The first developed culture of Dwarves, however, began in the so-called Khakass Hollow (the Minusinsk Depression), a rich-soiled basin where the Abakan and Yenisey join, notable for a large number of lakes (including some which are saltwater), sparse hillocks and high grain production. The outflow passes through a deep gorge in the Yeniseysk Mountains before descending to the lower Yenisey basin to the north.

In this basin the Dwarves developed a culture—called “Khath”—to rival Egypt or Mesopotamia, circa 4,100 B.C. It would thrive for more than 2,500 years, passing through fourteen dynasties, delving deep into the mountain ranges on every side, trading with lands as far away as China, India or the Elves of Anduin.

It was this last association that steadily diminished after 1900 B.C. There were three races who would migrate south and east from the vast Tunguskan plateau of what we call Evenki: bugbears, hobgoblins and norkers. These races appeared quite suddenly after 2,000 B.C. and expanded quickly in numbers and ferocity. During the next three centuries, various benign Elven cultures along the Lena River were shattered by marauding norkers; bugbears swarmed up into the Eastern Sayan mountains and many of the Dwarven communities there ceased to exist by the late 18th century B.C.; Khath found itself sieged by tens of thousands of hobgoblins…for century after century war against the invaders would consume all the history of the period.

The end would come in the year 1114 B.C. with the Battle of Yaxjasso Knob; the cream of the Khath army was destroyed by twenty times their number. Khath was invaded, cities burned and great towers destroyed and hundreds of thousands of Dwarves were put to the blade. Tuvath, further up the valley of the Yenisey, would fall the following winter. As the spring of 1113 progressed, all cohesion was lost; remnants of the civilization fought for their homes and family; some would succeed and create enclaves of long-lasting resistance. Some would disappear forever.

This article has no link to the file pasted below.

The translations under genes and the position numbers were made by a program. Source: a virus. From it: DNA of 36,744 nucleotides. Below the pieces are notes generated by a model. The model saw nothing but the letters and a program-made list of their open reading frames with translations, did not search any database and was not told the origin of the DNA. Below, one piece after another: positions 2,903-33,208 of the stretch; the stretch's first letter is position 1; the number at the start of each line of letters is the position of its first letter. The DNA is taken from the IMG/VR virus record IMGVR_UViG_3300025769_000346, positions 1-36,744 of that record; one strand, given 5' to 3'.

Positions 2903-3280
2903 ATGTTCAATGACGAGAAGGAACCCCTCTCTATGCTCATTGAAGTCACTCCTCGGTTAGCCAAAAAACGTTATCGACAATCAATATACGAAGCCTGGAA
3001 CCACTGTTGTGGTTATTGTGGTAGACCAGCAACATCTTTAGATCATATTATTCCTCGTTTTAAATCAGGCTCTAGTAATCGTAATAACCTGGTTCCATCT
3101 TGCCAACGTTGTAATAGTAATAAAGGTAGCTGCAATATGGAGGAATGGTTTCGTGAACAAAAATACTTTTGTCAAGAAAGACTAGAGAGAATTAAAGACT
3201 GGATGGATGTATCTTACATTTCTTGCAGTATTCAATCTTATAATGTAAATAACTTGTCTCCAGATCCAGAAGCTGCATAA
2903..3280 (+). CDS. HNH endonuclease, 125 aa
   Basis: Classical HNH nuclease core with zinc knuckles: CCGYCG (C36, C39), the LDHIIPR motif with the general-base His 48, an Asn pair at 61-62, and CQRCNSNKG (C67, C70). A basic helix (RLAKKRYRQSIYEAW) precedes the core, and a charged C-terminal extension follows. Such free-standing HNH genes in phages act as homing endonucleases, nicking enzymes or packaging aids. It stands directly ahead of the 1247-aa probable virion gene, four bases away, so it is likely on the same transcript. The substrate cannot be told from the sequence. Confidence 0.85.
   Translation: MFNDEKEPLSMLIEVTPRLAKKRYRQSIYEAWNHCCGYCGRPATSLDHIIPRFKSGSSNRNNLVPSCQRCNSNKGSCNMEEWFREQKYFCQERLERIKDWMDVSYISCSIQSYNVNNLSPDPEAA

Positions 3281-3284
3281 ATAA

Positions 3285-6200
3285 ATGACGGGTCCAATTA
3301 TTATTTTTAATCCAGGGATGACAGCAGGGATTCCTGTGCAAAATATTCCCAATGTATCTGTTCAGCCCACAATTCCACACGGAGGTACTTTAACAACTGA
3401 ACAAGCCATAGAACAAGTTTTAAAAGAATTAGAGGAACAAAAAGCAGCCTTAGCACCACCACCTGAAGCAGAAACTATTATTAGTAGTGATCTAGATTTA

A substantial number would move steadily westward and south into the foothills of the Altai, eventually finding peace in the valley of the Irtysh. They would found Croftshelm in 868 B.C., which would become the point whereby the Dwarves would re-establish their culture. Rothering (in Roth) would be founded in 601 B.C.

It was also during this period (which came to be called “the Mourning”) that great leaps in religious identity and knowledge were made. Prior to this period dwarves had paid little attention to spiritual matters…after this period their peoples would be led by great Patriarchs. They called the kingdom Altslok, meaning “Godsmen.”

The Patriarchal Awakening of the next age, from 100 B.C. to 300 A.D., coinciding with early wars against the Chinese of the Han Dynasty, would lead to a return of the Dwarves into their former eastern lands. Much of the warlike spirit of the hobgoblins had diminished; they had grown soft and disorganized. After several campaigns into the Kuz Basin (Kuznetsk) and over the Khakassian Range, the Altslok kingdom reconquered Khath (162 B.C.) and Tuvath (67 A.D.). These lands have remained part of Altslok since that time, and have many times withstood assaults by various races.

I love dwarves. They have to be my favorite…which is why I’m probably more detailed about them than with Elves. I haven’t yet gone into the rise of the Kingdom of Hoth, but that can wait. This is enough to digest for now.

1 comment:

Max said...

Possibly tangential:
Just noticed you are using BC and AD in your numbering of years. You're usually so precise about details that I wonder about the significance of this. Is Jesus a historical personage and/or religious figure in your world? Or do you just prefer those terms to BCE/CE?